Makeup safety of Phthalates is an ongoing topic within the cosmetic industry. A recent study by the Brigham and Women’s Hospital found that women with increased concentrations of Phthalates were more likely to suffer from diabetes.
The researchers acknowledge that Phthalates are also found in some types of medical equipment and medicines that are used to treat diabetes which could have resulted in the higher levels of Phthalates. This means that one cannot jump to conclusions but it does show that more research is needed.
Over 2,300 women participated in the study. The results of the study are quoted as follows :
Phthalates is a commonly used plasticiser. They are commonly found in personal care products such as moisturisers, nail polishes, soaps, hair sprays and perfumes.
Phthalates are available in a variety of forms. For the purpose of this article, we regard all Phthalates as the same, regardless of its form.
Phthalates are on the watch list because it is a strong suspected endocrine disruptor. Endocrine disruptor’s have very serious effects on the human body. They interfere with the hormone system in animals and humans.
Interfering with the body's hormone system can cause cancerous tumours, birth defects and developmental disorders such as :
There have been extensive studies describing Phthalates as an additive. This means that when mixed with other chemicals, it creates unknown cocktail effects. One of these unknown effects is a possible link to breast cancer.
Yes, they are starting to. They are and have been :
A study on CDC data revealed that American men with abdominal obesity or insulin resistance (a precursor to diabetes) were more likely to have high levels of DEHP (Di(2-ethylhexyl) Phthalate) and DBP (Di-n-butyl Phthalate) metabolites in their urine than men without those problems.
Unfortunately, they say nothing of any real value other than, in the EU :
The industry continues to deny that there are no direct links between diabetes and the use of Phthalates in personal care products.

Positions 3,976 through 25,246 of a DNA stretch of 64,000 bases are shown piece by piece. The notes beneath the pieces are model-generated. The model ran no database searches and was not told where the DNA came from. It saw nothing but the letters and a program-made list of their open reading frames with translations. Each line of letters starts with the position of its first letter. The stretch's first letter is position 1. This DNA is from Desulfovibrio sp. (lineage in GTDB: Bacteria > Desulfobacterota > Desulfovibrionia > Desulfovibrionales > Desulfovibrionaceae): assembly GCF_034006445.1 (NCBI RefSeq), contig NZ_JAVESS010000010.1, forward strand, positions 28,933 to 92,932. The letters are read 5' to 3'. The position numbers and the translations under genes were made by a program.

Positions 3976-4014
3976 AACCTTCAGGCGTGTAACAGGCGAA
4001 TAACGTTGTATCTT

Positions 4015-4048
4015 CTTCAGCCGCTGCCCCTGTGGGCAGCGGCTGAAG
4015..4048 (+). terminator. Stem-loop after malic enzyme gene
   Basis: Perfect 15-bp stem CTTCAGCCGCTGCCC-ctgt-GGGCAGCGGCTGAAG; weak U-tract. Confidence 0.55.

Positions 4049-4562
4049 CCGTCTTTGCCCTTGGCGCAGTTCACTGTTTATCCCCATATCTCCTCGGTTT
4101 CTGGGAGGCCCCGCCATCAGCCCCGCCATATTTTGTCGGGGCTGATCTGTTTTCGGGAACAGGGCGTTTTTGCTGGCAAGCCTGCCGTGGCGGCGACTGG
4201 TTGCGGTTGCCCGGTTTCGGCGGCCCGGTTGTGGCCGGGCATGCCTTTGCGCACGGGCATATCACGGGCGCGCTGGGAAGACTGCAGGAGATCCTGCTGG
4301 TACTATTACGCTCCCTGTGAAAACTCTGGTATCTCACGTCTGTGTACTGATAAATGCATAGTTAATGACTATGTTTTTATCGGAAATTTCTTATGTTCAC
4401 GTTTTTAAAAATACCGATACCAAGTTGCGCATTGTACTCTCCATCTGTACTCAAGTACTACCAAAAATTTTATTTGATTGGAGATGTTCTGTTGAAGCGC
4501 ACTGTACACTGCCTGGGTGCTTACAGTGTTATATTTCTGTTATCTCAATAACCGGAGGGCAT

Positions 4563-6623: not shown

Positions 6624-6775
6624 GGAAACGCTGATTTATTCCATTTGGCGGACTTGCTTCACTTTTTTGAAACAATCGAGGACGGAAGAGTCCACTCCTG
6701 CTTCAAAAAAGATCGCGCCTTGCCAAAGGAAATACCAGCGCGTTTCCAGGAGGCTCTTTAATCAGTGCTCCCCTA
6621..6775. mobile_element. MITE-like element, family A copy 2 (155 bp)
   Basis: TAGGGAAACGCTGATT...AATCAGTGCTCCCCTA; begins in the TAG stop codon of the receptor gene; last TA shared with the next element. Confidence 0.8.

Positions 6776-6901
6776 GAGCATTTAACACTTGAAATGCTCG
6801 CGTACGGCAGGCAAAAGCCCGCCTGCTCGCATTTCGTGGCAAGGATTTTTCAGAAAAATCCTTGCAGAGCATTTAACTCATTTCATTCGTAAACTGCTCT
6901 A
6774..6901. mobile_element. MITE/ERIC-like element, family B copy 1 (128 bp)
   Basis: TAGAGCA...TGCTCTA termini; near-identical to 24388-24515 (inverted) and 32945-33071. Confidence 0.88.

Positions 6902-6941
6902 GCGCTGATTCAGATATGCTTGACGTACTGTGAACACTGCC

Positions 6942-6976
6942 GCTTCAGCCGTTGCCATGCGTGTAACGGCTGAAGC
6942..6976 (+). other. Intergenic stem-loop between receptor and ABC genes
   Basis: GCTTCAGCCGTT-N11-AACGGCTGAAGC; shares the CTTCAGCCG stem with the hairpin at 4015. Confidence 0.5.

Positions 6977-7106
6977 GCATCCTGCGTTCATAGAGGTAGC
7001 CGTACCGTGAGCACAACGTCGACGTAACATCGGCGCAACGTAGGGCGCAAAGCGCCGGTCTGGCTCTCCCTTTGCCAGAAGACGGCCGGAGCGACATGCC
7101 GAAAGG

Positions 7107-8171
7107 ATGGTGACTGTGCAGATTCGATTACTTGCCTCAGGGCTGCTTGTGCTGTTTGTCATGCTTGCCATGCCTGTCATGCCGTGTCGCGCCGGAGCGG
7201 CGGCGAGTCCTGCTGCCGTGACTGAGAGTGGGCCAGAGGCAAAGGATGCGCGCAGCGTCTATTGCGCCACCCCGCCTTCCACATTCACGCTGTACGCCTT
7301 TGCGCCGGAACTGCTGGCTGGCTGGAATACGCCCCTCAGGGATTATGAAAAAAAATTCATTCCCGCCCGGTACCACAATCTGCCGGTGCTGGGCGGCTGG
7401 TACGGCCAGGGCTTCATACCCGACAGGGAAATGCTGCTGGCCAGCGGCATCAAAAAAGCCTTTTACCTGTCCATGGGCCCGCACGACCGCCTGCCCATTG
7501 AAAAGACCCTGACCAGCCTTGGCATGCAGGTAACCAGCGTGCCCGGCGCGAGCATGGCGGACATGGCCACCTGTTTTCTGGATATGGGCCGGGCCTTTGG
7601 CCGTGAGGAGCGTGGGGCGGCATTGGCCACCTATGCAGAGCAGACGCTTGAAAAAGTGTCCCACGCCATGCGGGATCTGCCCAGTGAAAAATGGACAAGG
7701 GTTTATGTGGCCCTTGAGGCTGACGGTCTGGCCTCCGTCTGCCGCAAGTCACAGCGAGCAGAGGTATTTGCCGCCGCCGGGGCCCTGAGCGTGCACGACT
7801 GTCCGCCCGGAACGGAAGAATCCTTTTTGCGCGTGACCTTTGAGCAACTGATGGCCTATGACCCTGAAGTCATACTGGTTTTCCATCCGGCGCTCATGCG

The U.S. Food and Drug Administration (FDA) says "...FDA does not have compelling evidence that Phthalates, as used in cosmetics, pose a safety risk."
Moreover, DEP (Diethyl Phthalates) has been reviewed by other scientific authorities, including the Cosmetic Ingredient Review (CIR) Expert Panel in the U.S. and the Scientific Committee on Consumer Safety (SCCS) in the EU, and found to be safe for use in cosmetics.
But, a 2010 study published in Environmental Health Perspectives implicates Diethyl Phthalates (DEP) to be associated with increased risk of breast cancer.
Until a dead body rolls up on the beach that some expert can definitely say that cause of death are Phthalates, this debate will continue without any answers.
The experts cannot agree so there seems no point to take sides unless you are willing to be the volunteer and roll up on the beach some day.
In the mean time, next time you read the ingredients on your cosmetic container :
You will be surprised by how many there are and how many other toxins are building up in your body.
If you are and you would like to expand your understanding, as opposed to looking for a quick fix, then have a look at the links below to learn more.
What is a natural beauty product?
How does one even begin a life of Natural Health?